When Ubaldo Javier Fernandez started school at Singleterry Elementary for the first time last year, he knew only Spanish. Now, almost everything the 6-year-old first grader says is in English.
Donna Independent School District administrators attribute much of Fernandez’ success learning the English language to a literacy curriculum called Sing, Spell, Read and Write (SSRW). The program is geared for students in grades Pre-K to 2. It consists of a 36-step system of carefully sequenced instruction that combines music and multimodal teaching strategies that were developed and classroom tested.
Fernandez’s mother Miriam Arenas said she has seen a big difference in how her child communicates. “Spanish is my first language so when I communicate with my son, I usually speak to him in Spanish,” Arenas said. “Instead of replying to me in Spanish, he’ll respond in English. That’s one thing I’ve noticed.”
Arenas said she also noticed that her son enjoys reading more. “I see the excitement in him,” Arenas added. “We go to the library and he gets excited. He says ‘mom let’s go get some books’ and he picks books that are in English.”
Experts say SSRW reaches every avenue to the brain by using phonics songs, interactive charts and games to teach the alphabetic principle, phonemic awareness, sound/letter correspondence, short vowel sounds, and blending — in a fun and meaningful way. Singleterry Elementary Principal Christopher Park said his campus has seen great success with the program.
“Sing, Spell, Read and Write has definitely been a great addition to our already adopted curriculum for Pre-K to 2,” Park said. “I think it has brought some structure for our teachers who may not be so familiar with the teaching of reading. With this program, our teachers have been able to teach phonics in a systematic way and gotten our students to progress on a timely manner.”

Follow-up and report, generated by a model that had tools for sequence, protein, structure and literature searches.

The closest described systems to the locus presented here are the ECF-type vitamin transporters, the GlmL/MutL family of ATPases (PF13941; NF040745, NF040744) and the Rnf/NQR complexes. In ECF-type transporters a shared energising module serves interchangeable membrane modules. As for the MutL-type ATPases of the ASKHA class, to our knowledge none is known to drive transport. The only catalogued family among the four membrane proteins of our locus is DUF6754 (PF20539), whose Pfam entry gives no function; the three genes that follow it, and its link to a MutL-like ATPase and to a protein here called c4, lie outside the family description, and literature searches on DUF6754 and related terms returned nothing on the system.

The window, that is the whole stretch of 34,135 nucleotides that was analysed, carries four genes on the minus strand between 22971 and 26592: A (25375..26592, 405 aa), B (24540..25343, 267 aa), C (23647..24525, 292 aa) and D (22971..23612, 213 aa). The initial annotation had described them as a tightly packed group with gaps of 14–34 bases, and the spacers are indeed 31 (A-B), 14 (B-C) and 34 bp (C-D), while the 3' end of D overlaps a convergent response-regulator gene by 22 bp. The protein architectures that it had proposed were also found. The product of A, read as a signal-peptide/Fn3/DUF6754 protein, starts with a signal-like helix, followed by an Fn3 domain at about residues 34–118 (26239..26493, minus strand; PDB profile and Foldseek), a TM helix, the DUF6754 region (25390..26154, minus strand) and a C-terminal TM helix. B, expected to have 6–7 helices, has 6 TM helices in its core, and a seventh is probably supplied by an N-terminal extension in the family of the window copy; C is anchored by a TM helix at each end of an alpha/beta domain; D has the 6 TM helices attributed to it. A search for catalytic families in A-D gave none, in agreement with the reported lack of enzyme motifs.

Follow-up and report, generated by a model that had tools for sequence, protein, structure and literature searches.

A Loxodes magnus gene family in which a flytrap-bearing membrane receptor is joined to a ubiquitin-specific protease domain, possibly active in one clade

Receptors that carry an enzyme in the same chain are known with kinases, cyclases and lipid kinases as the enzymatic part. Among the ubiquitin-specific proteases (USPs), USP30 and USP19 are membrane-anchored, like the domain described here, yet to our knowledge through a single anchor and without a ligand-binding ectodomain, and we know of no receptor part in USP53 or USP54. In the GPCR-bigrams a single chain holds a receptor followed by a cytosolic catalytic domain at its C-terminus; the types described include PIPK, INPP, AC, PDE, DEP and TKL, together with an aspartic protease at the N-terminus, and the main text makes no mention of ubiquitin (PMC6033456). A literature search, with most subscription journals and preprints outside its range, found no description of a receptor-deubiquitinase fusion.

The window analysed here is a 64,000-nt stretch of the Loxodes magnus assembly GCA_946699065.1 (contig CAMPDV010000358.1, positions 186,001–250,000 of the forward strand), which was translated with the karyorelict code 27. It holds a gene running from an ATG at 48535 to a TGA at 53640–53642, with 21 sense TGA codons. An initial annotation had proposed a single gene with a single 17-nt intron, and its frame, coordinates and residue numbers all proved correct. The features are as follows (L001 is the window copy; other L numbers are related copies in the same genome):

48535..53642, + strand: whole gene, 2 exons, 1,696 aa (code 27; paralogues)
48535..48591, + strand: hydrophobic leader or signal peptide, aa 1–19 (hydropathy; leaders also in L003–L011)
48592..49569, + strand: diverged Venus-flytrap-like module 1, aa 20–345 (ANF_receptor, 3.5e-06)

Park said his campus also offers the program to older students who are immigrants. “We are even using this program in our 3-5 grades with our recent immigrants to help them read at a more rapid rate along with solid English language development and vocabulary embedded in their lessons daily.”
SSRW was initially implemented at some Donna ISD campuses several years ago but was dropped from the curriculum. Today, the program is in place at all 14 elementary schools, a move prompted by Donna ISD Superintendent Fernando Castillo. Castillo said he believes wholeheartedly in the program and how it can help a child struggling to learn how to speak English. He knows first-hand because he was one of those students many years ago.
“Growing up as Spanish being my first and only language, it was very difficult to understand much less grasp the English language,” Castillo said. “However, I recall my first grade teacher utilizing her own version of what I would say is synonymous to the Sing, Spell, Read and Write program because she would incorporate songs and rhythm for the alphabet and the vowels. That helped me with the fundamentals of how to read and write.”